Education

Most state employees got a $1,000 raise. This UNC-Chapel Hill staffer got $50,000.

The Old Well on the campus of UNC-Chapel Hill.
The Old Well on the campus of UNC-Chapel Hill. 2016 N&O file photo

A high-level administrator at UNC-Chapel Hill got two $25,000 raises in a month’s time this summer, after working at the university for just six months.

Clayton Somers, former chief of staff to Republican N.C. House Speaker Tim Moore, now makes $331,448. He started his job as vice chancellor of public affairs and secretary of the university on Jan. 9 at a salary of $280,000.

The $50,000 pay raise – in two increments on June 1 and June 30 – represents a nearly 18 percent salary increase. It came just before the state budget took effect July 1, which gave most other state employees a flat $1,000 raise. The budget also included a provision that required the UNC Board of Governors to monitor any raises of 5 percent or more for employees making more than $100,000.

Somers’ position was a newly created job at UNC. At the time of his hiring, Chancellor Carol Folt said in a news release that Somers would be “a tremendous asset as we assess the university’s future needs and vital role in serving North Carolinians.”

Somers was paid $158,500 when he worked for Moore at the legislature.

somers_clayton (1)
Clayton Somers UNC-Chapel Hill

Email records obtained by The News & Observer show there was discussion last year between the UNC system General Administration and UNC-Chapel Hill behind the scenes about the creation of the job and its salary.

Because the new job unusually combined the duties of being secretary to the trustees and liaison to the legislature, there was no match to the system’s job classifications and salary range guidelines. Initially, system staff considered two pay ranges – one between $171,000 and $342,000 and another, lesser one, from about $154,000 to nearly $308,000. The job was to oversee four or five employees.

In an email to Folt’s chief of staff, Felicia Washington, a vice chancellor, shared the salary ranges proposed by the UNC system. There was no named candidate attached to the position in the emails.

“Please see the salary range that is currently scoped out,” Washington wrote. “It does not get to the target requested.”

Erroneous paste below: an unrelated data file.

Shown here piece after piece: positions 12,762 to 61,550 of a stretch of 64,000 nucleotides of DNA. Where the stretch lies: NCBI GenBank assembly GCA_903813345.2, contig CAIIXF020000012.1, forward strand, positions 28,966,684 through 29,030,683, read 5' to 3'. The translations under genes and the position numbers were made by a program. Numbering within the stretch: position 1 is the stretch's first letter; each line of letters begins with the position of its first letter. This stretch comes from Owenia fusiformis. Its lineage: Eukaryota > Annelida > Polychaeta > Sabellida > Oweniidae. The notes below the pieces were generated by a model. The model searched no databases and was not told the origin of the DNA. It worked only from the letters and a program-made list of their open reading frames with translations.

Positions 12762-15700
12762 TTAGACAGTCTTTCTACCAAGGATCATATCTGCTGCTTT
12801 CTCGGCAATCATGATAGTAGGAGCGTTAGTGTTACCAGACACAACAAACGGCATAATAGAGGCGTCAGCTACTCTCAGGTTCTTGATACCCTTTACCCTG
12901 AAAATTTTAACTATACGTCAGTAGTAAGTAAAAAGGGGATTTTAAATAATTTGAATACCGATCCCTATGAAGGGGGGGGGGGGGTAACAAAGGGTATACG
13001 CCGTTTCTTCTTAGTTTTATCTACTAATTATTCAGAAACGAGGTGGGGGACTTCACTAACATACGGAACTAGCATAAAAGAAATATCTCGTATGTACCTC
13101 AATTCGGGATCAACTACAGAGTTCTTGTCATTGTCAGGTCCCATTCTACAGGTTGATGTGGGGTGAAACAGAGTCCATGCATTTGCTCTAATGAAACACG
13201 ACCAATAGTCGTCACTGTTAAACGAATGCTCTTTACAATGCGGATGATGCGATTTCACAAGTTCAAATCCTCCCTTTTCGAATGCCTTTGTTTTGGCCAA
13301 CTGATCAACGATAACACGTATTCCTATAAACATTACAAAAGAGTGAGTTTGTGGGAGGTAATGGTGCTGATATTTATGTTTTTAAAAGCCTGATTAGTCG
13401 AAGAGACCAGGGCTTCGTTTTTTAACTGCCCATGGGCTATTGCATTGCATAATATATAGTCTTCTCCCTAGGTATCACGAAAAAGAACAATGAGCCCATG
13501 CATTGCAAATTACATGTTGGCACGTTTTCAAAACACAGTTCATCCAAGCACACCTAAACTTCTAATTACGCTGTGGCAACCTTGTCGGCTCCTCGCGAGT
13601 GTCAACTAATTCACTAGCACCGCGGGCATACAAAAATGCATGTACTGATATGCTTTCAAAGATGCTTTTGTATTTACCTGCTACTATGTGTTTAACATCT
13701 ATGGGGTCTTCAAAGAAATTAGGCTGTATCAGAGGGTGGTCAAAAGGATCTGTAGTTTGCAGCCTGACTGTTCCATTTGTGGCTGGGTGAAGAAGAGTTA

In a draft memo in June of 2016, Folt proposed a salary range of about $186,000 to $308,000, along with a detailed job description for the position.

Records show the system wanted to cap the job’s salary at $280,000 so that it wouldn’t exceed the salary of a comparable administrator at the system’s General Administration.

In a July 18, 2016, email, Matt Brody, the UNC system’s vice president for human resources, wrote to Washington at the Chapel Hill campus, informing her that UNC President Margaret Spellings wanted that limit.

“Also, the President made clear to me this morning when she gave this the go-ahead that the salary for the new (vice chancellor) shall not exceed that of the new (General Administration Senior Vice President) for External Affairs, which is $280K,” Brody wrote. “It may very well be less depending on who is selected, but you will want to make sure Carol knows that it shouldn’t exceed that amount.”

Brody also wrote that in the upcoming vote on the approval for the new position, the Board of Governors would ask questions, but it’s unclear what about. That part of the email is redacted.

Documents also show that the university considered two hiring processes – one with a standard search committee and one that would require a recruitment waiver.

UNC-Chapel Hill Board of Trustees Chairman Haywood Cochrane said Tuesday that Somers’ raise reflected his performance in the new role. “It was subject to his performance evaluations, which were outstanding,” he said.

On Tuesday, Spellings said she did not have to approve the raise.

“As long as it’s within the bounds of the law and our requirements, I’m not going to substitute my judgment for Carol’s or any other chancellor’s,” Spellings said. “But I am going to hold them accountable to the performance agreements that they’re just in the process of signing, that are linked to the strategic plan.”

Jane Stancill: 919-829-4559, @janestancill

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